Anyone not familiar with Max Lake’s writings on food and wine is well advised to acquaint themselves with his rather extensive bibliography. He is a gourmand of the finest sort; an unashamed sensualist who is not afraid to deeply question the sources of his pleasure. It’s been a while now since Mr Lake sold the Lake’s Folly winery to Peter Fogarty, and the wines have been made for some time not by the Lakes but by Rodney Kempe. No matter — the grapes are the same and the general approach remains constant.
The 2005 Cabernets is a blend of 68% Cabernet Sauvignon, 13% Petit Verdot, 11% Merlot and 8% Shiraz.A dense, dark colour, with bright flashes of purple and red. The nose presents a delightfully inscrutable aroma profile. Inscrutable because it is deep beyond immediate perception, yet offers tantalising glimpses of ripe fruit, dried flowers, meatiness and high quality oak. As with the best wines, it knows more than you do.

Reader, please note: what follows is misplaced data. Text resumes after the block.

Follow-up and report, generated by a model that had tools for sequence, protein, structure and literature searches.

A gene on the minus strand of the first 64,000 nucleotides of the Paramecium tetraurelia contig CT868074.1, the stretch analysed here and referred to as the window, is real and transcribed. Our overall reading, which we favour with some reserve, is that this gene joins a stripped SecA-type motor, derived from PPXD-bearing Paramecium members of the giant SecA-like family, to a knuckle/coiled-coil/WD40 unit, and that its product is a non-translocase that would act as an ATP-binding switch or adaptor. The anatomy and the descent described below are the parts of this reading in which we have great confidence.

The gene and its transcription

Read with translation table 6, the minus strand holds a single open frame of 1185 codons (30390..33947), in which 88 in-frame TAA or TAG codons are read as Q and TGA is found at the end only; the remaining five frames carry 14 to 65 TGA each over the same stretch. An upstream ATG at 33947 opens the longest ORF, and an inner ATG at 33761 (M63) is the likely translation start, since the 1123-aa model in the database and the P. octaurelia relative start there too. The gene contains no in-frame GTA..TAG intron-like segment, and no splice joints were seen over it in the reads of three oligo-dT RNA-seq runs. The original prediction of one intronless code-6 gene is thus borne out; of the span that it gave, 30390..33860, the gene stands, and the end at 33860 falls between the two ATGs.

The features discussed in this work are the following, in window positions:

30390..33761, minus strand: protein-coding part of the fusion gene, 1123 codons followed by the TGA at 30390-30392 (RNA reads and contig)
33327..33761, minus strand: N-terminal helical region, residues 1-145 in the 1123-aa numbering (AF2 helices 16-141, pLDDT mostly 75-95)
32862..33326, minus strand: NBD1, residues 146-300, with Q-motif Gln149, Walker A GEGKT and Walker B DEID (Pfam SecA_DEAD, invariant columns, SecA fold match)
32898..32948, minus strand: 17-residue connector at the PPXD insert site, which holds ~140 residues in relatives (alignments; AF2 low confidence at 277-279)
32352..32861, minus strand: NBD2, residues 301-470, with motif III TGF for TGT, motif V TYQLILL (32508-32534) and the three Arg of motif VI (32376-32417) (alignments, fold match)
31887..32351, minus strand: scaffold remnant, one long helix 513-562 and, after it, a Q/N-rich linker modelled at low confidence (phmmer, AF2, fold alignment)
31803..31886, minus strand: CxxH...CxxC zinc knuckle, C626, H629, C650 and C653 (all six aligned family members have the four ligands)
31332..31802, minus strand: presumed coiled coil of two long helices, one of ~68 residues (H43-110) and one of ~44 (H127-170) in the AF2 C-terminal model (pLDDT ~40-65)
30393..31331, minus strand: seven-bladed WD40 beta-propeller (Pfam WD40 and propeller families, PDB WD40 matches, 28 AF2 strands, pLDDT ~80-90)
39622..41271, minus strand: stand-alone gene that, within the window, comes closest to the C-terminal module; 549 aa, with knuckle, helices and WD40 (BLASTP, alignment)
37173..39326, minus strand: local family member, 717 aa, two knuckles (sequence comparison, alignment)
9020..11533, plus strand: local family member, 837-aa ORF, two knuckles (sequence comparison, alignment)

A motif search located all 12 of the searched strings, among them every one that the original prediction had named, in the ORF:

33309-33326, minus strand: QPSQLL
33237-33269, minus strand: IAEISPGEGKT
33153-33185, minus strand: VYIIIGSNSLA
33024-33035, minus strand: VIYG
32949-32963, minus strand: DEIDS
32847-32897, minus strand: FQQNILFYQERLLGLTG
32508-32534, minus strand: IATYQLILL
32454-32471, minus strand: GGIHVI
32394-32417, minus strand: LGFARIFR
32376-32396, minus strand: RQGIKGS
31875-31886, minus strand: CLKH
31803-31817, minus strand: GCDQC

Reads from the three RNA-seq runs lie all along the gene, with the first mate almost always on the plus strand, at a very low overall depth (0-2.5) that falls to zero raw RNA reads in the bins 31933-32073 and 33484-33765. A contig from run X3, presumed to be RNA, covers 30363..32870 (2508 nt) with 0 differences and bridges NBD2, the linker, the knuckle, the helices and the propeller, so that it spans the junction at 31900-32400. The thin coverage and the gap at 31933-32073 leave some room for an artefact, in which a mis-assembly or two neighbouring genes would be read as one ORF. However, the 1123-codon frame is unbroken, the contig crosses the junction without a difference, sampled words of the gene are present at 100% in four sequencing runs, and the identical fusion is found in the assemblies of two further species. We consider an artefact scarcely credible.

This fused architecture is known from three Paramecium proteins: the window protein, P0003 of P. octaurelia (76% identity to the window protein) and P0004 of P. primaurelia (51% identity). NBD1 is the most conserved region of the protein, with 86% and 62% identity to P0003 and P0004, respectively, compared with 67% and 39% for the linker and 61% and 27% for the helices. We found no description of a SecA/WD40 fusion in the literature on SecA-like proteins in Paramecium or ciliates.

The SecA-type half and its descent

From entry onwards, fruit of the highest quality coats the tongue, spreading flavour that is both intense and of satisfying density. It unfolds in a focused line, widening steadily towards the mid-palate. Acid provides most of the structure through the entry and mid-palate, but it’s a subtle acidity, fine and subservient to the density of the fruit. Medium bodied, this wine is as much Hunter Valley as it is Cabernet, and its character will feel like coming home to enthusiasts of this region. Others, though, may lament its tendency towards regionality, perhaps at the expense of overt varietal character. Personally, I love it. The after palate remains focused, while lightening a little in tone. Impressively long finish, as velvet tannins coat the mouth with intensely sweet berry flavour.
Wine is an intersection of region, producer and consumer, at its best when these elements are positively aligned. I could drink this every day, so well does it match my idea of good wine.
Date tasted: April 2008